I vivdly remember the lively discussions between my Mom and Dad about buying our first color tv. Mom, who was home all day and had kids to entertain, saw the immediate benefit of color cartoons. Dad, who was away most of the time, saw no problem with watching football and baseball games in black and white on the weekends. Ultimately, we got our color tv, but it took a lot of back and forth.
This is where our industry is relative to the big technology changes taking place. I'm talking about things like Payment Hubs, which I wrote about just recently, cloud-based systems, blockchain, and artifical intelligence (AI) to name a few. It seems whenever I write about infrastructure, invariably someone will ask me something like, "How are organizations initiating these strategies?". "How much of this is hype and what's really going on."? That's why an article in Computerworld caught my eye this week. It rightly called out AI as one of the most important new technologies of this decade, but cautions institutions that the use case(s) for it need to be specific and clearly understood before development begins. And that's where the problem lies. Let's look at the best use cases defined in the article and break them down a bit:
1. "Chat bots and virtual assistants used by retail banks to answer mundane customer questions."
This is the low-hanging fruit and one that, according to a recent survey I did for a leading call center, led the pack on both current and future investments from financial institutions I spoke to. Not the most sophisticated implementation of AI, but it serves a real need to help institutions appear more digitally engaged with their customers. To me, this is one evolutionary cycle away from telephone banking, but it's a start. The ROI on this is improved productivity/reduced headcount, but that's speculative at best since it's based on estimates of shifts in consumer behavior.
2. "Robotic process automation or rules-based scripts that can pull data from multiple systems to generate forms or invoices."
Next level difficulty which requires an integration layer(s) to make this happen, but higher value as well. They key is to identify the forms or invoices or other documentation that needs to be pulled together in a dynamic manner that has the most value or is in high demand. This service could potentially generate incremental revenue, but likely more of an efficiency play in the near-term.
3. "Natural-language processing and generation, enabling systems to read text in contracts to pick out key clauses (and determine the implications of that text) as well as enabling the system to write in plain language."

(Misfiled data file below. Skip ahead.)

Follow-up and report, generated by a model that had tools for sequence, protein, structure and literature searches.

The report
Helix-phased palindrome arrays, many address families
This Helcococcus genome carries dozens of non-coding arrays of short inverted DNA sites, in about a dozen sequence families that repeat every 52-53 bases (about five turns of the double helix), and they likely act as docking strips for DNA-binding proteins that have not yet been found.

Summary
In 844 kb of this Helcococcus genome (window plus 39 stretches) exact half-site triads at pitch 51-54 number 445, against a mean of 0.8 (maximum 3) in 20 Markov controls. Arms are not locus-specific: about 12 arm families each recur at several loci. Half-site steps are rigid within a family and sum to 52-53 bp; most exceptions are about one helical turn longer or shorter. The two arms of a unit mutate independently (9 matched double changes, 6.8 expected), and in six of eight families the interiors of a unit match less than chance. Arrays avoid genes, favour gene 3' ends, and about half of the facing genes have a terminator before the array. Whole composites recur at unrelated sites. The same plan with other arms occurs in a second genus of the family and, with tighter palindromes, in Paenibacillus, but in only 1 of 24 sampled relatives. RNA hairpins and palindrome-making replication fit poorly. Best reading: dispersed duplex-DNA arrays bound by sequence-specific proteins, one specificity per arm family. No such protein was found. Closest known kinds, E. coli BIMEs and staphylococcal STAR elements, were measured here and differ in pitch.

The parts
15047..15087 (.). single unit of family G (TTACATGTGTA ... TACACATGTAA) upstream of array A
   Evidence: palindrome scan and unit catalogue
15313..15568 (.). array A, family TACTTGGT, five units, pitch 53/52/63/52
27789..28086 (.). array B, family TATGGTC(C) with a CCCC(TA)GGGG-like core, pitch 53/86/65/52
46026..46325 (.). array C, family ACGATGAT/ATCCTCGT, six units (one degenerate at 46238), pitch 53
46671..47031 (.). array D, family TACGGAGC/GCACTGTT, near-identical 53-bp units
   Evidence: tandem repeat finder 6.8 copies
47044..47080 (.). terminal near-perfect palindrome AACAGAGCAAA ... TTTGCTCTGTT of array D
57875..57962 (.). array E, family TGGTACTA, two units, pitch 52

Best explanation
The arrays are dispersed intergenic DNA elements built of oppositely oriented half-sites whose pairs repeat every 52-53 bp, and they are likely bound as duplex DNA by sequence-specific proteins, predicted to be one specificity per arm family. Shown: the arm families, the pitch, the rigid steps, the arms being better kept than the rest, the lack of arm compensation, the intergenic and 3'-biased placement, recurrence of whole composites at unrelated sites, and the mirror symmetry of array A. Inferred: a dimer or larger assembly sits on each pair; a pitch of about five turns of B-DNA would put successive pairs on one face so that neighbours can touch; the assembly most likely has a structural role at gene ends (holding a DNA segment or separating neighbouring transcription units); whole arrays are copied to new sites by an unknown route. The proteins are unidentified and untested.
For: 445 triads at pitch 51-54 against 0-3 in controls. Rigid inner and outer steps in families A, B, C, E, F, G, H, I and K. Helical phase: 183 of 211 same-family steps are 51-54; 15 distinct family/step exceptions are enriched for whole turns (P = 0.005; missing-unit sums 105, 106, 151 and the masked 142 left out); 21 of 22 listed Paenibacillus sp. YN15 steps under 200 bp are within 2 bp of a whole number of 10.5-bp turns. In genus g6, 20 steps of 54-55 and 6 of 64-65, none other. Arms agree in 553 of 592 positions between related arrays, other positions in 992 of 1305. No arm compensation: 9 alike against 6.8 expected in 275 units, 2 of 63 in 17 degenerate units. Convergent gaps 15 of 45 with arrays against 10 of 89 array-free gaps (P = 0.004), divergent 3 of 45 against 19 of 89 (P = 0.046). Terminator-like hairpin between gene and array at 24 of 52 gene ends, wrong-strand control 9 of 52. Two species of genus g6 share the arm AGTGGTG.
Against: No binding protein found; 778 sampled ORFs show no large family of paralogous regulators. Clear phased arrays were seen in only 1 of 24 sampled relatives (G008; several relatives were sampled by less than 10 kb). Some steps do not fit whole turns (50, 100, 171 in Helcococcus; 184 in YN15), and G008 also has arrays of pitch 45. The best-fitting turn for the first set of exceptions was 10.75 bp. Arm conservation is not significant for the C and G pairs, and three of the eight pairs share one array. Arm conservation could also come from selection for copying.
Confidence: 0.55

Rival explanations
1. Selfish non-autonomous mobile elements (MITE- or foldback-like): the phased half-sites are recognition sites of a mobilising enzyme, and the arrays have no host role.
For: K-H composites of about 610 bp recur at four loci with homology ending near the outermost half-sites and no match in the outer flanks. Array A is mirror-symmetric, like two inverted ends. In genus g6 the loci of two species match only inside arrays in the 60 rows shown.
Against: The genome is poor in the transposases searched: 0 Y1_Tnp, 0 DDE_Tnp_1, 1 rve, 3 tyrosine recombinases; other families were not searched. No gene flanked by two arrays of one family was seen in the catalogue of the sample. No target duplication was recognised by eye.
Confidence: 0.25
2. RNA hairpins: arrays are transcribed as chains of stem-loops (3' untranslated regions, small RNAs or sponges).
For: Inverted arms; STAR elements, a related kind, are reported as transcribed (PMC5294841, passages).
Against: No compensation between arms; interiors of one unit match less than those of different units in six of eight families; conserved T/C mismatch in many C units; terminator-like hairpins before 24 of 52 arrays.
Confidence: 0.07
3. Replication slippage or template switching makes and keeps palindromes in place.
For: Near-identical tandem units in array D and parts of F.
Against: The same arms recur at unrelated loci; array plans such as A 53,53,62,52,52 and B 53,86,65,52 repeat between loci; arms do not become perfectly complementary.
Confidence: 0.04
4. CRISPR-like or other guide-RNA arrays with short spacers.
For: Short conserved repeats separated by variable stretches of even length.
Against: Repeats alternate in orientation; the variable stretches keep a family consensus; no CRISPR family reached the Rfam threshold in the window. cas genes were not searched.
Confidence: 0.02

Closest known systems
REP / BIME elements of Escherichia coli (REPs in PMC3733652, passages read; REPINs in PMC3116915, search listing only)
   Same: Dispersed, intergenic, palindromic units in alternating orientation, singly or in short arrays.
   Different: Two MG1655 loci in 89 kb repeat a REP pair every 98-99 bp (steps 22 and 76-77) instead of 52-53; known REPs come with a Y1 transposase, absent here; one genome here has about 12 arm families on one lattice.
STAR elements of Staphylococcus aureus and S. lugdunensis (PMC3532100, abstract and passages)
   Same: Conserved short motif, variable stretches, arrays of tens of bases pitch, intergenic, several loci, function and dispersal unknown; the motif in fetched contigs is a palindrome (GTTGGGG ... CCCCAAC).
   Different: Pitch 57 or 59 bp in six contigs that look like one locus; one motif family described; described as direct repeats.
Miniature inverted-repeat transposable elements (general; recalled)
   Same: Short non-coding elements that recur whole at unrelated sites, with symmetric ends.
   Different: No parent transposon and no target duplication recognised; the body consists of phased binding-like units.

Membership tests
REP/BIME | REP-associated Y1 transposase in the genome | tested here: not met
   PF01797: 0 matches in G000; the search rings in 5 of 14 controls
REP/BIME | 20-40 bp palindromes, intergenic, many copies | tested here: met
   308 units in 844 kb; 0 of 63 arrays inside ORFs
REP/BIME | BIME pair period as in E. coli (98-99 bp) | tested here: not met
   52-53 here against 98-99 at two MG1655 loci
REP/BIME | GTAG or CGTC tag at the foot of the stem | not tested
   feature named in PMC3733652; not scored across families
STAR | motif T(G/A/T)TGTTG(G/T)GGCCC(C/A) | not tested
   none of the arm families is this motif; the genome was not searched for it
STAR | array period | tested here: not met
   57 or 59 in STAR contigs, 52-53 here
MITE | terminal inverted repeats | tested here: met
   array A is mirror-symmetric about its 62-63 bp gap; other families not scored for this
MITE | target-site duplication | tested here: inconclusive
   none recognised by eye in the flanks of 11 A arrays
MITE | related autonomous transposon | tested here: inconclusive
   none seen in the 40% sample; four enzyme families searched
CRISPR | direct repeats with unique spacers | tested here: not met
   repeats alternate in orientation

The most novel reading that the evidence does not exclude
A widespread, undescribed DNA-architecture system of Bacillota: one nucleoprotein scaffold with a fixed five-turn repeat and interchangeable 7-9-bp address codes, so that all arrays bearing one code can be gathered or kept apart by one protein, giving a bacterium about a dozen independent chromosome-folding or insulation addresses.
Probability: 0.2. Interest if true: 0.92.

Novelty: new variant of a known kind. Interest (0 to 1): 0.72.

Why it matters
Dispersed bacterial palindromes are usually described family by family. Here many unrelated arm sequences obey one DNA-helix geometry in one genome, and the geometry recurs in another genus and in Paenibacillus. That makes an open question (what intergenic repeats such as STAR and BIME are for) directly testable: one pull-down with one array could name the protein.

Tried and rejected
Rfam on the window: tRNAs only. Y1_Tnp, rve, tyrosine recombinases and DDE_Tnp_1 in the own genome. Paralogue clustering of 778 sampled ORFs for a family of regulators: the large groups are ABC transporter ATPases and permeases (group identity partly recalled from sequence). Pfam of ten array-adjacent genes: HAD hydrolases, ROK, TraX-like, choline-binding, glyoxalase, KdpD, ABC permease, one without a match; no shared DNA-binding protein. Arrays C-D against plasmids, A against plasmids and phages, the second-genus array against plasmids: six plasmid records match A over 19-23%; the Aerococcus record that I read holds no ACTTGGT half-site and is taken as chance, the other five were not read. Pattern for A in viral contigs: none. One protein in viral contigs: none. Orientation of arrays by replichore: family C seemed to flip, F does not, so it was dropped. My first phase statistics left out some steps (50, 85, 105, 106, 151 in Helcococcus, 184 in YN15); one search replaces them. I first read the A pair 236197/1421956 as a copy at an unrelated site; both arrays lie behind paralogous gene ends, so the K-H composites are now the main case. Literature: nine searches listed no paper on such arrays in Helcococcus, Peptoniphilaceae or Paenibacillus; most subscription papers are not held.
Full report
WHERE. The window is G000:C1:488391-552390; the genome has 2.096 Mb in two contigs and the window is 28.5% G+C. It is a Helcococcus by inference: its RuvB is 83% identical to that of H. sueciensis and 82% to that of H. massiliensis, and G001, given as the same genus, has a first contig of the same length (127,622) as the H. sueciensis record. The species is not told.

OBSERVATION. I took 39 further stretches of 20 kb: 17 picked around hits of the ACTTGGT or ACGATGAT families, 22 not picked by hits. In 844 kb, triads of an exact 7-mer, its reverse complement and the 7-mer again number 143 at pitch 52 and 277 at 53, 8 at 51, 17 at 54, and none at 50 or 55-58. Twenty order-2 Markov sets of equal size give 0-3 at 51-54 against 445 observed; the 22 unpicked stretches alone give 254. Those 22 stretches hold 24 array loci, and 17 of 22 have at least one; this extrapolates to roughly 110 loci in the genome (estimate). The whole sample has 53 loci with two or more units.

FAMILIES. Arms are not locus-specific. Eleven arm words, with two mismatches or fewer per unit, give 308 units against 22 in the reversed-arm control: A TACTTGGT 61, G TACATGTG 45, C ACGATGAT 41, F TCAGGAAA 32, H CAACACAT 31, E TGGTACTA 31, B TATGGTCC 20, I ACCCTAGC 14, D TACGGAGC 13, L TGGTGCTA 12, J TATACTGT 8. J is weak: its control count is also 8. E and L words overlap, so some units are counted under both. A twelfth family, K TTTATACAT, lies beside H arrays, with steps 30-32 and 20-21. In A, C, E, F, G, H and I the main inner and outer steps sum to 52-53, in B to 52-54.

This kind of use case requires a great deal of testing and presents real risk to any organization since you'd be relying on an algorithm to interpret terminology. One application cited in the article is the use of AI to read through expense reports, find errors or gaps and generate communication back to the employee. Once again, the ROI on this improved productivity/reduced headcount, something not insignificant in very large, distributed organizations.
4. "And cognitive analytics, which can find customer trends to determine which products they're more likely to purchase."
The golden ticket for most new technologies in financial services is generating more revenue through cross-selling. AI holds the promise of providing a true map of the customer journey, something financial institutions have been working on for decades. Of course, this is the hardest leg of the implementation and right now, something only a bank with significant resources can even hope to accomplish.
What's the takeaway from all this? That infrastructure is hard? No, we know that already. What's really hard is defining an implementation path that makes good business sense and then investing in that vision. This is not different from any other leap we've made - from the first debit cards at the POS, online banking, neural networks, and mobile payments. What is different is the fact that so many stakeholders view these technologies as competitive differentiators and so lock their learnings up in closed rooms. The application of these technologies, in the right hands, can offer a market differentiator, but let's review once again most of the use cases in this article. They're primarily efficiency plays and while these offer incremental profitability improvement and perhaps a short term "new feature" talking point, raising the tide of information about the real experience of integrating, testing, and implementing these technologies will serve to improve and strengthen the market as a whole. It's what the industry really needs to know.